SCOTUS Declines to Hear Case of Sandy Hook Victims v. AR-15 Manufacturer
Today the Supreme Court turned away an appeal made by the firearm company Remington Arms Co., who manufactures the AR-15 used in the Sandy Hook school massacre. The suit is an emotional plea made by the families of the Sandy Hook victims to be allowed to sue Remington and hold them liable as the “maker and promoter” of the rifle.
The case, which originated in Connecticut where the shooting occurred, has been bouncing around the courts since December of 2014. In 2016 A Connecticut Superior Court Judge dismissed the lawsuit against the arms manufacturer citing a 2005 law the “Protection of Lawful Commerce in Arms Act” which prohibits lawsuits against makers, distributors and sellers of guns “for the harm solely caused by the criminal or unlawful misuse of firearms products…by others when the product functioned as designed and intended.”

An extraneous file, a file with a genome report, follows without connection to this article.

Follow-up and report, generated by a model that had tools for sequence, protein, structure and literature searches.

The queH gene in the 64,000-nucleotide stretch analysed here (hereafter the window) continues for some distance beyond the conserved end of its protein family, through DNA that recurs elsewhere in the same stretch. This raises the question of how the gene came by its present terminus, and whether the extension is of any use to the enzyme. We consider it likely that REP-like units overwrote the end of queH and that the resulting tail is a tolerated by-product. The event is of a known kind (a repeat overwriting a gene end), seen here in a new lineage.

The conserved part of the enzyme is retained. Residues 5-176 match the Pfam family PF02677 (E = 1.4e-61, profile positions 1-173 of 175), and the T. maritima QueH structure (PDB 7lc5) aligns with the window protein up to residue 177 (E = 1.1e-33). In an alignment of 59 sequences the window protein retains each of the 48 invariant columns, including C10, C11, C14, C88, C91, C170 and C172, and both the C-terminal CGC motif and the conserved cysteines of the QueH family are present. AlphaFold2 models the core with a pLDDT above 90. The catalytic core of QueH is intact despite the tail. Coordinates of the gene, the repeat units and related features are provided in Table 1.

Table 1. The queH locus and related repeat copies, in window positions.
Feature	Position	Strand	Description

In March, however, the Connecticut Supreme Court reversed the lower court’s ruling, saying the families can sue Remington. The suit alleged Remington marketed the AR-15 rifle “for use in assaults against human beings” and pointed to product placement in violent video games. Specifically, plaintiffs pointed to Remington’s marketing phrases such as “consider your man card reissued” and “If it’s good enough for the military it’s good enough for you.”
Remington appealed their case to the Supreme Court after the reversal, citing the merits of the 2005 federal law. Now that the United States Supreme Court has declined to hear Remington’s case, it will once again go back to the lower courts of Connecticut.